By Cheryl Maguire
Sophie’s dad died when she was 13 years old. Her mom, Melissa Gould, recently wrote the book Widowish, sharing how they coped with the loss of her husband, Joel, and offering advice for other parents who are helping a teen cope with the death of a parent.
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Gould credits needing her daughter for helping her maintain a schedule after her husband died. “Sophie is what kept me on track. She needed to be at school and had a full life,” she says. “If I didn’t have her to focus on, I don’t know if I would have gotten out of bed every day.”
Clare Bidwell Smith, a grief counselor and author of Anxiety: The Missing Stage of Grief says that a teen’s grief comes in stages when a parent dies—but not the typical five stages of grief. “You will see a teen revisit that loss in their late 20s early or 30s because that is when they are fully developed enough to understand what the loss was about,” she says.
Bidwell Smith explains that a lot of people don’t understand how teens process grief. “You will see a teen not grieve in a way that you think that they should, or not grieve in an obvious way,” she explains. “That makes a lot of people uncomfortable or nervous that they are not grieving or not facing it when really they are not fully capable of grieving.”
4 Ways to Help Teens Cope with the Death of a Parent
Similar to an adult losing a spouse, peer support helps teens cope with the death of a parent.
“They really need to be around other teens who have gone through a similar loss,” Bidwell Smith says. “They relate to their peers and they see themselves through their relationships with them.”
Gould says that meeting other kids who have lost a parent helps normalize the experience. “Once I met other widows and realized there are other widows who had kids Sophie’s age, I made sure that she met them,” she says.
Sophie’s experience of connecting with other teens was so helpful that now, at age 20, she reaches out to people in their community when she hears about similar losses to let them know, “I’ve been there if you need someone to talk to.”
When Gould’s husband died, a friend gave her and her and Sophie two copies of the book, Healing After Loss: Daily Meditations For Working Through Grief by Martha Whitmore Hickman. Mother and daughter would read a passage from the book every night as a way to cope and keep Joel’s memory alive.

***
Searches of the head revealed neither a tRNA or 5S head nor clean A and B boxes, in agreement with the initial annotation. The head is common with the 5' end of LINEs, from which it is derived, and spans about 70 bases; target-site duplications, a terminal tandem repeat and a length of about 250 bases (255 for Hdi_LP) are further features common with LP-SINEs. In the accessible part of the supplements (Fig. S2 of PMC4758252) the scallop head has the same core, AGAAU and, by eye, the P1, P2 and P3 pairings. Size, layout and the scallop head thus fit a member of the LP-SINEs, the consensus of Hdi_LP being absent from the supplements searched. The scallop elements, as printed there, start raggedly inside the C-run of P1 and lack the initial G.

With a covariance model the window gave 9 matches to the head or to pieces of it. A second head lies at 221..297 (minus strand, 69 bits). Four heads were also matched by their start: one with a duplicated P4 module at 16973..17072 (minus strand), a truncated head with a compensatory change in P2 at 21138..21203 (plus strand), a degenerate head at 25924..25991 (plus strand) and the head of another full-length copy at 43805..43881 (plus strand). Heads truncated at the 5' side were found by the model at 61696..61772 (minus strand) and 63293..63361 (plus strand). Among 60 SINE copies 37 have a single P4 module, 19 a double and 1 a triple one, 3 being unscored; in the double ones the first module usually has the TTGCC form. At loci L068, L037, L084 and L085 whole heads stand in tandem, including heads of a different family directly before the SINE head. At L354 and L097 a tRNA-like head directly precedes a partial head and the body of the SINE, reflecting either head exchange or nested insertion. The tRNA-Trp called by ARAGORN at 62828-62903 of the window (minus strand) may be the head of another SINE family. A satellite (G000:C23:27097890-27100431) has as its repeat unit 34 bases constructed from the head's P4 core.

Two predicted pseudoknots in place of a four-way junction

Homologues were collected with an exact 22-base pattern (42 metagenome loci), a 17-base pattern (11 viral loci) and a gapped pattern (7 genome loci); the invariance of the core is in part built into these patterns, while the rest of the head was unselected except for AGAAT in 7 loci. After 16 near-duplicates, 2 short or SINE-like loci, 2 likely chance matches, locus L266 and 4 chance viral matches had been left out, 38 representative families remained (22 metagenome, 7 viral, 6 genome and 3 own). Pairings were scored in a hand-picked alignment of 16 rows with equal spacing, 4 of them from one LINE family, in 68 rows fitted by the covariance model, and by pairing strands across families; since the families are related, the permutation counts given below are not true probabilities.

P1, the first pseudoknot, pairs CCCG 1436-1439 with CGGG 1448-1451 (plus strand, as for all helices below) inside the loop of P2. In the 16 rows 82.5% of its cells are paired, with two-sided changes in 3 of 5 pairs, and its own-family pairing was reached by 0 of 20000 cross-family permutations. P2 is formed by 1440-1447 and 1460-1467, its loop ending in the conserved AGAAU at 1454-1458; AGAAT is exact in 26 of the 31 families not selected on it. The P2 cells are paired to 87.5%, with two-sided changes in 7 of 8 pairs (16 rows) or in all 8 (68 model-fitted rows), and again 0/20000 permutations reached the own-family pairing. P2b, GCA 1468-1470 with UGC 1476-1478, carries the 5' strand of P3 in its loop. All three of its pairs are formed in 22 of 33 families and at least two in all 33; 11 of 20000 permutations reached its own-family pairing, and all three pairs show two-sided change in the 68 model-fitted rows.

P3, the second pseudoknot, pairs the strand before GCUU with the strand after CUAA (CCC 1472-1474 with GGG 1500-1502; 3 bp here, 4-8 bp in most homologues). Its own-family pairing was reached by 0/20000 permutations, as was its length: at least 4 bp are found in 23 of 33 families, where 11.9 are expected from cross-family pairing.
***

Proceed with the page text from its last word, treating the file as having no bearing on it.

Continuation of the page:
Reading the book every night became a ritual. “I thought it was important for Sophie because I wanted her to remember her dad,” Gould says. “It was hard, but it was meaningful time we spent together.”
Gould also made sure that Sophie received therapy.
“I’m very pro-therapy and I’m an advocate of self-help and self-examination,” she explains. “I wanted Sophie to be able to sort out her feelings because I was a mess. I was crying every day, and she was very stoic and kept a lot in.”
Bidwell Smith also suggests counseling for the parent of the teen. “The number one thing that parents have to remember to do is to support themselves while they are supporting their teen.
Having a therapist to monitor how your teen is doing is important because the grief process can be overwhelming. “Some of the things a teen might say or ask are hard conversations,” Bidwell Smith says.
She also stresses the importance of providing a space for your teen to grieve. “They are not going to grieve in the times you think they will or in the ways that you think they will,” she says, “but when the questions do pop up you should be ready.”
It’s important to remember that it’s okay for parents not to have all the answers. “Instead of shutting down the conversation because you don’t know the answer just say you don’t know,” Bidwell Smith recommends. “And ask, ‘What do you think?’ to keep the conversation open.”
Gould’s advice to parents and teens is to not judge yourself. “There is no right or wrong way to grieve,” she says. “The feeling of grief can be so overwhelming and confusing, and nothing makes sense. Be kind to yourself.”